Monday, 15 June 2009


I often here people speak of risotto, as if it was equivalent to crossing the Sahara or climbing Mt Everest.... the pain, the trouble, the time.  Bollocks...its simple, its elegant, its what I love to make at all times of the year with all kinds of ingredients...Lovely red risotto with beets and green garlic, roast tomato and grilled corn risotto...lets not forget bacon and ricotta risotto for those who don’t find the amazingly rich mushroom risotto fatty enough. Below I have a simple recipe for risotto with a quick trick to allow you to make risotto in advance (yes its possible, no its not a sin, and yes it will be perfect!!!)


2 cups Arborio rice

2 T vegetable oil

1 large leek (white and yellow only, save green for stock) or 1 large onion, finely diced           

4 cloves garlic, fine dice

1pound mushrooms, stems and caps separated and chopped           

4 cups fresh arrugula, washed and dried

2 cups white wine or use mushroom stock below

4 cups mushroom stock (plump some dried mushrooms in 6 cups boiling water with any vegetable scraps such as garlic, leek greens, carrot peelings, etc.after ½ hour, remove the tender mushrooms and strain the stock)

Butter or EVOO

Parmesan cheese, grated

S, P

Fresh herbs



NOTE:  Usually you can find cheap dried mushrooms at most Asian grocery stores, use them to add flavour to your favourite soups, stocks and sauces (even try grinding the dried mushrooms in your coffee grinder for a tasty garnish or seasoning).



  1. In a large sauce pan, heat to medium, and add 2 T vegetable oil.
  2. Add leek (or onion), ½ of garlic, and chopped mushroom stems.
  3. Cook over medium heat till onions are translucent (add touch of water if necessary)
  4. Add rice and toss to coat.
  5. Add white wine to pan and stir often, cooking over medium-to-medium low heat till wine has evaporated.
  6. Add 2 cups mushroom stock (or vegetable stock, or vegetable cube induced water) and again stir often and cook till stock has evaporated.
  7. Taste it cooked...if so then stop now.  Most likely it is soft on outside and hard in the middle.  If you want to use the risotto tomorrow or the next day, then stop here.  You can spread the rice out on a baking tray to cool, then set it in the refrigerator in a sealed container and continue with the next step when you want to have dinner (This is how we avoid spending an hour in the kitchen when friends are coming for dinner!!!)  But if you want to simply continue cooking then here we go...
  8. Okay, we are back to the we can add more of the mushroom stock and continue stirring being careful not to add to much stock, as we do not want soupy risotto.  I like risotto to be a touch “al dente” in other words, with a slight bite to each kernel of rice (not mushy).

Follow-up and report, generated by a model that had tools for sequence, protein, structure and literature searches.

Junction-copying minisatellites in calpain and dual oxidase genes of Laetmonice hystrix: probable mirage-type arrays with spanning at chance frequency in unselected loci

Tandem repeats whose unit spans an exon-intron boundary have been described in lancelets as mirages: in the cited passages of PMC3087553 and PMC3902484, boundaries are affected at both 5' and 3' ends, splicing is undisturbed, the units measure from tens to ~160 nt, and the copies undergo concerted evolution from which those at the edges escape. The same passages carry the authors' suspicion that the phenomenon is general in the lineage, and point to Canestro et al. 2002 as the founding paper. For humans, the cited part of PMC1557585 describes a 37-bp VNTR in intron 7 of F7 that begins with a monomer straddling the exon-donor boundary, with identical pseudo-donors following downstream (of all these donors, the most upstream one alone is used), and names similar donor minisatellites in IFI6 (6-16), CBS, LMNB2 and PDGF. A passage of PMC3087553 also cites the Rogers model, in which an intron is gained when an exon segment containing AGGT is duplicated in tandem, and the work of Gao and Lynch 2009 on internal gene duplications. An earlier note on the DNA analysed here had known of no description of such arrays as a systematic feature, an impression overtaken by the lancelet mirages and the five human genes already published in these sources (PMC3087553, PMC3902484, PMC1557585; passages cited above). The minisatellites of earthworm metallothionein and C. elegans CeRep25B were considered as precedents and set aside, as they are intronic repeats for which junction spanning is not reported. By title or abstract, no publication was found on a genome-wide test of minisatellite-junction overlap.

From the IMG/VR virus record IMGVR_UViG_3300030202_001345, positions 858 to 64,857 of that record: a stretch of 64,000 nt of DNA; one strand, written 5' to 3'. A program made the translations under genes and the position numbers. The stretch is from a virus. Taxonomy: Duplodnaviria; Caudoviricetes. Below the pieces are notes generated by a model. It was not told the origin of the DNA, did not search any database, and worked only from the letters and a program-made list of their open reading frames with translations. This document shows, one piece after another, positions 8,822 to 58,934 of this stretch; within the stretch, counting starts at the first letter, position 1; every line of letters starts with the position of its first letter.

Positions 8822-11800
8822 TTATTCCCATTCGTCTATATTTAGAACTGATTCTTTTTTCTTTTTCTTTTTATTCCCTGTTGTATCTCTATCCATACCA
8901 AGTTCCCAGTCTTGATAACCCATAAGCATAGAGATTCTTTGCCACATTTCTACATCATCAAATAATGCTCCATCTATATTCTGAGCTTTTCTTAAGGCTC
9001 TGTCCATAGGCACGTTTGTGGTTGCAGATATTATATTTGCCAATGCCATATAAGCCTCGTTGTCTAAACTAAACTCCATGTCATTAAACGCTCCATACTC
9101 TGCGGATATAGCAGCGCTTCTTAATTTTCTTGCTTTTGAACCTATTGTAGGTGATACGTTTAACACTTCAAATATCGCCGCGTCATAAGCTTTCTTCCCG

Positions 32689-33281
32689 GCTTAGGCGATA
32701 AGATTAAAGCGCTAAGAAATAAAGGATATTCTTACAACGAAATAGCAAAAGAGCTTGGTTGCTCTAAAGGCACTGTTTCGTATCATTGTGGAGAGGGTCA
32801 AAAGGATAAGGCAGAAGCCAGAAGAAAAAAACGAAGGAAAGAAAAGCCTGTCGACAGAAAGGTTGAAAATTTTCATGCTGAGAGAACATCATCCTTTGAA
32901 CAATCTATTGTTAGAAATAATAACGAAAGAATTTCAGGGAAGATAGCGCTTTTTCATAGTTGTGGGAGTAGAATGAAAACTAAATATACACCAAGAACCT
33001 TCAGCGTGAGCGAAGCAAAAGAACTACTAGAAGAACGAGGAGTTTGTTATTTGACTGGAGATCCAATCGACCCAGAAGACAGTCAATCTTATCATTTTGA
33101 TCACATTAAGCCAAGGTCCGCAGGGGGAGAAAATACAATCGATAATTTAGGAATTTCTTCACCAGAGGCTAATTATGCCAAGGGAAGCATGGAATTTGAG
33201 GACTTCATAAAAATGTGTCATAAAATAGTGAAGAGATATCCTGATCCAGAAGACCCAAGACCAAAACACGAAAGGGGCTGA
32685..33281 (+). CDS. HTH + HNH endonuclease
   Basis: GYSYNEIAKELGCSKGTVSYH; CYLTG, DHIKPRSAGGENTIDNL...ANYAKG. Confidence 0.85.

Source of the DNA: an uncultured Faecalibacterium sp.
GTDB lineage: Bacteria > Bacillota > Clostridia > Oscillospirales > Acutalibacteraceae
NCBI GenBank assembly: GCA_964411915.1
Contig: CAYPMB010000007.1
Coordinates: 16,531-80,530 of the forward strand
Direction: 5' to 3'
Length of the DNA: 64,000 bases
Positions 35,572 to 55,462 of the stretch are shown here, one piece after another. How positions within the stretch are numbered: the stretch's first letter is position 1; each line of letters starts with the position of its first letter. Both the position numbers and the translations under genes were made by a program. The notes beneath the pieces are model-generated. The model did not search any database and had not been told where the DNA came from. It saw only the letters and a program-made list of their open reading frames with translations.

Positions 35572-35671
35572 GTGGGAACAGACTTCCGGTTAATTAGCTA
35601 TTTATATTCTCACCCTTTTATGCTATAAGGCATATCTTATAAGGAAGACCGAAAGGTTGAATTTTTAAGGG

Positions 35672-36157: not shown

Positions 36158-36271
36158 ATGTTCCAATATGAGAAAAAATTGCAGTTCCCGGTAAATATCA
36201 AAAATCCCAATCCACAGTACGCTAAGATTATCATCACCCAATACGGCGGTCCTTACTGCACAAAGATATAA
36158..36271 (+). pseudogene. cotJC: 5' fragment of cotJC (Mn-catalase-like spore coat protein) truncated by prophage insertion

9. Once the consistency of the risotto is where you want it, then we can sauté the rest of the garlic with the mushroom caps and leftover mushrooms from the stock.  This can be done simply in a hot pan, with a bit of olive oil, salt and pepper.
  10. In the risotto pan we now want to add a splash of olive oil (or butter), a good handful of Parmesan...fold this in and then taste.
  11. Season with salt, pepper, and a squeeze of lemon (to brighten flavour up if you like) or lemon zest.
  12. Now taste again...the risotto should taste rich, creamy and still have a visible texture of individual kernels of rice that seem to be stuck together simply with their own starchy goodness.
  13. The last step is to toss in the fresh arrugula, making sure to gently fold it into the rice so it wilts slightly, but does not get crushed.  This will give your risotto an extra bit of colour, peppery flavour, added vegetables and a nice crunch.
  14. Plate a nice mound of risotto, add a healthy portion of the sauté of mushrooms, a final sprinkle of Parmesan and fresh herbs...enjoy!!!!




 You can serve this risotto over oven-roasted portabellas and a side of the sauté of mushrooms.  As well you could serve the sauté of mushrooms and arrugula together under the risotto...or maybe add some pesto (see 25 MAY blog  about ramps) to the portabella caps (then roast in 200 degree C, 390 F oven for 15 minutes) and serve along side a garnish of Parmesan and pesto... 

 You are not bound to mushrooms...use the seasonal produce available...courgette and tomato risotto, grilled sweet corn and carmelized onion, roast beet and green garlic, simple parmesan risotto with a poached egg...etc.etc...and leftover risotto...make little risotto cakes stuffed with cheese and one can coat with bread crumbs and bake/fry them and serve with leftover pesto or marinara sauce!!!






  1. Greg, thanks for this - I love risotto and this variation looks yummy. Question - can you do that prep-beforehand trick with other rice for non-risotto dishes? I like brown rice but don't always have an hour to fix dinner (that whole two-kids-two-and-under thing)...

  2. We love risotto, Greg. Some nice ideas here. When we had our Italian exchange student from northern Italy, she made us pumpkin risotto.

  3. Monica...
    The same trick works with other rices, but in other ways...i have recently been reheating just slightly underdone rice in a makeshift steamer...made of a sauce pan with 1 inch water, and rice put in a small strainer, and then cover with a sauce reheats rice and finishes the cooking. At the restaurant we often reheated rice in a pinch...with a touch of water in a sauce pan...but I agree...sometimes brown rice( which is the only rice I eat...we even cook it real slow risotto style with lots of mushrooms as I cant find brown arborio rice) takes too long to fix for a quick meal. Again the key, is to stop the cooking the first time, so the second time you are not over cooking the product ( works the same for cooked pasta as well)...